Islamic State fighters have seized villages close to the northern Syrian city of Aleppo from rival insurgents, a monitoring group said on Friday, despite a Russian air-and-sea campaign that Moscow says has targeted the militant group.




Iran’s elite Revolutionary Guard Corps said separately one of its generals had been killed late on Thursday near Aleppo, once Syria’s most populous city. Iran, like Russia an ally of President Bashar al-Assad, says it has advisers in the country.


Islamic State is now within 2 km (1 mile) of government-held territory on the northern edge of Aleppo which has suffered widespread damage and disease during the four-year civil war that erupted in the wake of protests against Assad.


Syria’s military, backed by Russia, Iran and militias, has launched a major attack in Syria’s west to recapture land lost to non-IS rebels close to the heartland of Assad’s minority Alawite sect, an area vital to Assad’s survival.


As the operation in the west pushed ahead, Islamic State said its fighters had captured five villages in its northern offensive and killed «more than 10 apostates», a term it uses to describe Syrian soldiers and their militia allies.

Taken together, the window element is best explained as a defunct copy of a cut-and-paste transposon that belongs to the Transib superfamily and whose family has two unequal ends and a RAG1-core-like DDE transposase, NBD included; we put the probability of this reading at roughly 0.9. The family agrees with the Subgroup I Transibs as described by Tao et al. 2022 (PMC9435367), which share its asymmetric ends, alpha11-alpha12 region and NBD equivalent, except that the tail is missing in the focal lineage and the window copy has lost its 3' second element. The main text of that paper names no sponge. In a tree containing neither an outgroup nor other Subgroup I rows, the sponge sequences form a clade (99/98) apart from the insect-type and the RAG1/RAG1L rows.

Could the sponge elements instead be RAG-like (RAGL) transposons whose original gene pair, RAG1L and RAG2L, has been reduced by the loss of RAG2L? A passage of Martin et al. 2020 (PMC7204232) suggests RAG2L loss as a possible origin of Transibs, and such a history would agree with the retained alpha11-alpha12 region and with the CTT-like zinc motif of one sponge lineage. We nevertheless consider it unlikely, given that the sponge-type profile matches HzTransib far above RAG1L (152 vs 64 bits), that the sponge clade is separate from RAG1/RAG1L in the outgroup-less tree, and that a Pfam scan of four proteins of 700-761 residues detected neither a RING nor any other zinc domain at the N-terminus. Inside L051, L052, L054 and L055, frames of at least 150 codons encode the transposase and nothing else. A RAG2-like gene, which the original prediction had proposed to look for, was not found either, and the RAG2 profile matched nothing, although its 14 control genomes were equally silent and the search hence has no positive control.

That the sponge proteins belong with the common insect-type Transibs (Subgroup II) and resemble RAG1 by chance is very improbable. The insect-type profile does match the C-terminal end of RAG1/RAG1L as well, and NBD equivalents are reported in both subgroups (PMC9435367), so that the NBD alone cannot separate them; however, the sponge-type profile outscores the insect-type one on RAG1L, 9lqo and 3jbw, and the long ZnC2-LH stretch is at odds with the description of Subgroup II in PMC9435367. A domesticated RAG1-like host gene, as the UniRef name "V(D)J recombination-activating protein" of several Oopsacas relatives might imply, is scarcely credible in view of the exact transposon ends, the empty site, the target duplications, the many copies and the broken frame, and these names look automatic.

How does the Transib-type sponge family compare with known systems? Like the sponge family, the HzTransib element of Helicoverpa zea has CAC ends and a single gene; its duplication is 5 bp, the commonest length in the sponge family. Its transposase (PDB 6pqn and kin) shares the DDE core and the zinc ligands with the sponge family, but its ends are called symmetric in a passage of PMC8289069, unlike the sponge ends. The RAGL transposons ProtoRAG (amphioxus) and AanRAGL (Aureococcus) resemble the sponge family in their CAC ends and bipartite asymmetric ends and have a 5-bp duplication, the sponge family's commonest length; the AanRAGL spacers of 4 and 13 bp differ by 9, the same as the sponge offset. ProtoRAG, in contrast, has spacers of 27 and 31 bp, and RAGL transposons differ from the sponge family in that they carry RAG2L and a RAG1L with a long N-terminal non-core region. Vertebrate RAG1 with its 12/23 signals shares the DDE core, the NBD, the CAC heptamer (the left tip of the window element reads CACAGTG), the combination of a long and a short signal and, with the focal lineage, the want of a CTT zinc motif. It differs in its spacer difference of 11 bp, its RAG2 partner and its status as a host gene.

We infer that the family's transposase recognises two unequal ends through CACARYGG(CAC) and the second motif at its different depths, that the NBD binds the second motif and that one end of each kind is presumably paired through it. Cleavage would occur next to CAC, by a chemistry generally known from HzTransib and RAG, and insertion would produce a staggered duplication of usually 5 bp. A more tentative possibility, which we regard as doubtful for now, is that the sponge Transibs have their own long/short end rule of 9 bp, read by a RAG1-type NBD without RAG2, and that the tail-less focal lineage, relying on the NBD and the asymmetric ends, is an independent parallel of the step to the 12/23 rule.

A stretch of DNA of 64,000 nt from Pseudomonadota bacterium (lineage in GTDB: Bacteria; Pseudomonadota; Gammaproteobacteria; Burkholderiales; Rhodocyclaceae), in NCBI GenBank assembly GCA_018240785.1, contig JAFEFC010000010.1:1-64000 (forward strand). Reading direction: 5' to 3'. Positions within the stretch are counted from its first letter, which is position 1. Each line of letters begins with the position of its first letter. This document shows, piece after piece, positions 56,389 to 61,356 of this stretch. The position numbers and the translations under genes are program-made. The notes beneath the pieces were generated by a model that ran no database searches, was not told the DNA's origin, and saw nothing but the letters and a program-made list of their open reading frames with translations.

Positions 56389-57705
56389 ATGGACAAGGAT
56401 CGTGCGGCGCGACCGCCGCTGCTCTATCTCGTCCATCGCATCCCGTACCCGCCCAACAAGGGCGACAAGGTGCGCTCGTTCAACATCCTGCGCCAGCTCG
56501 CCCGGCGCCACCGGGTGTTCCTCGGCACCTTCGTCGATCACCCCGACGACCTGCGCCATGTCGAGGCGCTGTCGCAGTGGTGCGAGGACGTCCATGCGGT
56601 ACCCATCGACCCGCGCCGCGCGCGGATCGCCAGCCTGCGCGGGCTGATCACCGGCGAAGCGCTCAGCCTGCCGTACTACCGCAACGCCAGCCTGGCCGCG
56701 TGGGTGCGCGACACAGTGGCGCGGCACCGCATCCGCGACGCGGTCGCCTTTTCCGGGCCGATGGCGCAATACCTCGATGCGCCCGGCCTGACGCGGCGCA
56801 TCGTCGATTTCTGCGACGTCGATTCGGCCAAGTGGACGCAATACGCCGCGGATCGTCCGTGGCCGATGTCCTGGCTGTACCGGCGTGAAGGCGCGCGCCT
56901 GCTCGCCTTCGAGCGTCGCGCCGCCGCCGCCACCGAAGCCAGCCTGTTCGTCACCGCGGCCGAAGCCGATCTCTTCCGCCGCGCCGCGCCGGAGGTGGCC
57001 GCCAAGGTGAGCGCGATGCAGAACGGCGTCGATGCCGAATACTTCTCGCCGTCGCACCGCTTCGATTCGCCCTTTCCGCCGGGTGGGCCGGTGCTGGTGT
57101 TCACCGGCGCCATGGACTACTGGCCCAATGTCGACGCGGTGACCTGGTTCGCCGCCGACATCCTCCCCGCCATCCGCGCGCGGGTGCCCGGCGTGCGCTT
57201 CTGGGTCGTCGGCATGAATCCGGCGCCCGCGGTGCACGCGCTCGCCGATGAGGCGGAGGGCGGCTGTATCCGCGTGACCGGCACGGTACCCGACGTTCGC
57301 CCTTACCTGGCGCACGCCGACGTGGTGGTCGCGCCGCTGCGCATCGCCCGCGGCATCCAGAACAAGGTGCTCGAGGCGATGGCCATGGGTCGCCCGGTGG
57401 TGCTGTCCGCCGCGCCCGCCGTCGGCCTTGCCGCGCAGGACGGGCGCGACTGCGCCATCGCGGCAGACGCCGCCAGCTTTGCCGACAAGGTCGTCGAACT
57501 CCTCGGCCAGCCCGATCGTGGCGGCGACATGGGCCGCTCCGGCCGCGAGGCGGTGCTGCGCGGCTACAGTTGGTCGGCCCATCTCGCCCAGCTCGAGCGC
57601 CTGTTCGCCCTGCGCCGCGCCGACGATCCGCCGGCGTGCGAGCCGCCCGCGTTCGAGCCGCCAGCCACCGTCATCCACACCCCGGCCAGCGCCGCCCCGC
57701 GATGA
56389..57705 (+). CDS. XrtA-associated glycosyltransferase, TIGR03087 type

The British-based Syrian Observatory for Human Rights said it was the biggest advance by Islamic State since it launched an offensive against rival rebels in the northern Aleppo countryside near the Turkish border in late August.


«Daesh has exploited the Russian air strikes and the preoccupation of the (rebel) Free Syrian Army in its battles in Hama, and advanced in Aleppo,» said one rebel commander with fighters in the region, using an Arabic name for IS.


Russian warplanes and warships have been bombarding targets across Syria for 10 days in a campaign which Moscow says is targeting Islamic State fighters who control large parts of eastern Syria, as well as swathes of neighboring Iraq.


But the campaign appears to have mainly struck other rebel groups, some of which had been battling to stop the Islamic State advance across Aleppo province.


One of those groups, Liwa Suqour al-Jabal, said Russian strikes destroyed their main weapons depot this week. Liwa Suqour al-Jabal is one of a number of rebel groups that has received military support from the United States and Assad’s Gulf Arab enemies.


Russian and U.S. warplanes are now flying missions over the same country for the first time since World War Two risking incidents between the two air forces and their fast jets.